I must admit that the beginning of my preaching career I found it easier to skirt the issue than face it.  Yet, I found, as probably most of my hearers did, that the proclamation of this Gospel alone was not urging me toward or defining for me the shape of the Christian life that follows from God's saving gift.  I confess that I need to hear the urging of the Law and need to be encouraged to good works.  I need to be encouraged to struggle against sin and fight against the dominion of the devil, the world, and my own sinful self.  I am not who I was but neither am I yet who I shall be.  And right now there is a battle going on within me -- not the easy battle between me and the world but the more personal and difficult battle within me, between the dying old man who refuses to leave without a fight and the new person created in Christ Jesus for good works.  I am certainly no better at this than St. Paul:  So I find it to be a law that when I want to do right, evil lies close at hand. For I delight in the law of God, in my inner being, but I see in my members another law waging war against the law of my mind and making me captive to the law of sin that dwells in my members. (Romans 7:21-23 ESV)

This is NOT a question of the Gospel being inadequate but rather how God works to accomplish His will and purpose. It is rather about using the full language of Scripture to confront our sins and call us to repentance. It is about using the full language of Scripture to exhort, encourage, and instruct the forgiven sinner to live the new life given him in his baptism, reflected in new obedience and good works. For the Lutheran preacher, we use both ways of addressing the Christian because both ways are addressed by the Holy Spirit in God's Word.

This topic is not theoretical in the least but profoundly practical and urgent. Brothers, if we cannot discuss this, we cannot discuss anything. So I suggest we discuss this. At our winkels, at district pastoral conferences, and informally. The more the better. Searching the Scriptures and reading again our own Confessions. And I am confident we will be better off for it.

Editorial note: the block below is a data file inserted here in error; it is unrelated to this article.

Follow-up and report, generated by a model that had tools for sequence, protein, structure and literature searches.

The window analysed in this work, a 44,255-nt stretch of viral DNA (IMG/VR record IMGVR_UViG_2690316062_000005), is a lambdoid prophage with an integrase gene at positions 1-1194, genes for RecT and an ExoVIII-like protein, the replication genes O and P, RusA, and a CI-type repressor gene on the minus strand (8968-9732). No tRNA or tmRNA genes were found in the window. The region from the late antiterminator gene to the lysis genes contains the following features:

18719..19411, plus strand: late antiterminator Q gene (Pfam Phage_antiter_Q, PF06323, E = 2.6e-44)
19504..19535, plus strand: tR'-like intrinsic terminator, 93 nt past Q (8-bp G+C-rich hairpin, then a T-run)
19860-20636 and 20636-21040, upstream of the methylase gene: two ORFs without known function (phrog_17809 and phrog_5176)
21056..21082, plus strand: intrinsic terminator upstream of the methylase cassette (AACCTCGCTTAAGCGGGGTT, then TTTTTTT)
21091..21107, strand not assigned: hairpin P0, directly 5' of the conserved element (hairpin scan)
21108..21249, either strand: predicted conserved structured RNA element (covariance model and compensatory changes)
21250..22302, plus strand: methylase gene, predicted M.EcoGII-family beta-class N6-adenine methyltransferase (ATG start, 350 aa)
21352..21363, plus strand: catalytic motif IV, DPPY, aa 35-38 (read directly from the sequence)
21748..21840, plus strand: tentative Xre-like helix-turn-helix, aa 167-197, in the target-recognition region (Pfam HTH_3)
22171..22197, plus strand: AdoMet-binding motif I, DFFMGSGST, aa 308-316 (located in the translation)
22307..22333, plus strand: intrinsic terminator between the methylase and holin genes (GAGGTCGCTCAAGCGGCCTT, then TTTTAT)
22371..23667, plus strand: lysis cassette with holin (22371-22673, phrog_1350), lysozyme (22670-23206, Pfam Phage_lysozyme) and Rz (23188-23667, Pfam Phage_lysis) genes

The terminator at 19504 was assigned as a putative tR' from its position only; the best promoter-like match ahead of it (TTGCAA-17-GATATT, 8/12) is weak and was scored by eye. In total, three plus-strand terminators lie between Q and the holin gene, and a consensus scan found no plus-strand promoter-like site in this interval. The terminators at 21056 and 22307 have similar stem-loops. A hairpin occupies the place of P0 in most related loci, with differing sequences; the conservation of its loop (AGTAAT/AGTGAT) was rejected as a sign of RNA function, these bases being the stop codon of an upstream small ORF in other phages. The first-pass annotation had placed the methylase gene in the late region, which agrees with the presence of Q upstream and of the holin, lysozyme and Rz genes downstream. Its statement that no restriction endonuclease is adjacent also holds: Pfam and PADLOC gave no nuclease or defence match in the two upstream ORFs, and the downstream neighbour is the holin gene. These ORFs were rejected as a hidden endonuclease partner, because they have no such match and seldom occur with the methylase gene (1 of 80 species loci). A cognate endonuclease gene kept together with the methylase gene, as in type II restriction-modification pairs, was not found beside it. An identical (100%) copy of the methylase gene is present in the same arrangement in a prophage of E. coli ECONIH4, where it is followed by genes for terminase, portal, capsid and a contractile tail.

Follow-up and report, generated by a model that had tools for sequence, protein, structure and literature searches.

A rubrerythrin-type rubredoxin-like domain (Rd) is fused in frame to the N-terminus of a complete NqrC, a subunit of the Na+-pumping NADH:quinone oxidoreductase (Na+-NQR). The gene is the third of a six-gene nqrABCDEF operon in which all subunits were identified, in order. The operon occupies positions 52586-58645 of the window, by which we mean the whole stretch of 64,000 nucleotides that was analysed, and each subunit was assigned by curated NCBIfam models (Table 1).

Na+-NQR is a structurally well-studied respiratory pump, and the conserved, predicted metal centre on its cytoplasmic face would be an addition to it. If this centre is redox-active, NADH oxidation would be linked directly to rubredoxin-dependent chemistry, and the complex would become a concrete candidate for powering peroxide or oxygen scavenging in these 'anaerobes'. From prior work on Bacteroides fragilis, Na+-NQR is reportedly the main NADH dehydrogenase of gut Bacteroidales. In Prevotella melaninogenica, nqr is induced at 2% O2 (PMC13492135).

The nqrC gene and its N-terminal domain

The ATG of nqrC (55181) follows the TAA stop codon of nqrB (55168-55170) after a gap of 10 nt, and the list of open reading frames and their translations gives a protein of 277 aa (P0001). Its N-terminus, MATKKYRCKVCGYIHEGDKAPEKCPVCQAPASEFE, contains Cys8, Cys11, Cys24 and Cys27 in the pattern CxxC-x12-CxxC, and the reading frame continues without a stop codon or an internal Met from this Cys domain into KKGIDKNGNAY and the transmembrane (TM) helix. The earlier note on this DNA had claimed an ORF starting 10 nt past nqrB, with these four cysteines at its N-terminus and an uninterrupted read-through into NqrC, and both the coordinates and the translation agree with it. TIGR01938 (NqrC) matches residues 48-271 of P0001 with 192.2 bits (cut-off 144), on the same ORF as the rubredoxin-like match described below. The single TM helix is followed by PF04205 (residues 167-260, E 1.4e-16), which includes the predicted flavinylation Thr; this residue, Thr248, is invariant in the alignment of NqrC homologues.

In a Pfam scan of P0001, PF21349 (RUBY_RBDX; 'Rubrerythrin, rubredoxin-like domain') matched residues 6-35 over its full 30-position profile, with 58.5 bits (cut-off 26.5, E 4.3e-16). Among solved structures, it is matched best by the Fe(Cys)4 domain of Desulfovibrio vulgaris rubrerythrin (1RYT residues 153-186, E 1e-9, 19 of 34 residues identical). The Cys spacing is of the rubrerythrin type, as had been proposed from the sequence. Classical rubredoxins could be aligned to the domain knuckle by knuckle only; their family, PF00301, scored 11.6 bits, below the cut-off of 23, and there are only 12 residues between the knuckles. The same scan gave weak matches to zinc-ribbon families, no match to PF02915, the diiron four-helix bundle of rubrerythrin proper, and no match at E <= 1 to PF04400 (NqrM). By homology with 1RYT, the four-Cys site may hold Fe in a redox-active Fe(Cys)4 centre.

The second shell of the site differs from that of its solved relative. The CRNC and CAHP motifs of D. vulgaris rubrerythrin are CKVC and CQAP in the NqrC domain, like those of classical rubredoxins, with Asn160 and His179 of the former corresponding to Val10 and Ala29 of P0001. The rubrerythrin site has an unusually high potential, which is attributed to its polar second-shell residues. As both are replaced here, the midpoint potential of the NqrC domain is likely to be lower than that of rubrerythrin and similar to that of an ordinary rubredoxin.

Tuesday, March 21, 2017

Living water. . .



Sermon for Lent 3A, preached by the Rev. Daniel M. Ulrich on Sunday, March 19, 2017.

What do you need to survive? Luther says we need: “food, drink, clothing, shoes, house, home, land, animals, money, goods, a devout husband or wife, devout children, devout workers, devout and faithful rulers, good government, good weather, peace, health, self-control, good reputation, good friends, and the like.” If you’d ask a teenager, they may add a cell phone to this list. We need many things to survive; we need food, clothing, shelter, and relationships, but there’s one thing that’s foundational to life. It’s so basic that if we don’t have it we’d quickly die...and that’s water.

We need water to survive. If we don’t get it, if we don’t drink enough of it, we become dehydrated and die. This great need for water is seen in our readings today.

The Israelites needed water. They were in the desert, walking in the heat of the sun, on their way to the Promised Land, and they made camp at Rephidim. Most of the time you camp where there’s water that you can drink, but there wasn’t any water there. God had led His people to a place that had no drinking water.

Quickly the people grew thirsty and agitated. They complained and quarreled against Moses and God. They came to Moses demanding him to give them water, but what was he supposed to do, there wasn’t any water to give. The people grumbled saying, “Why did you bring us up out of Egypt, to kill us and our children and livestock with thirst?” (Ex 17:3). The people complained and wished they were back in Egypt. They would’ve rather been slaves in Egypt than thirsty in the desert. They were so upset with Moses that they were even ready to stone him, to kill him.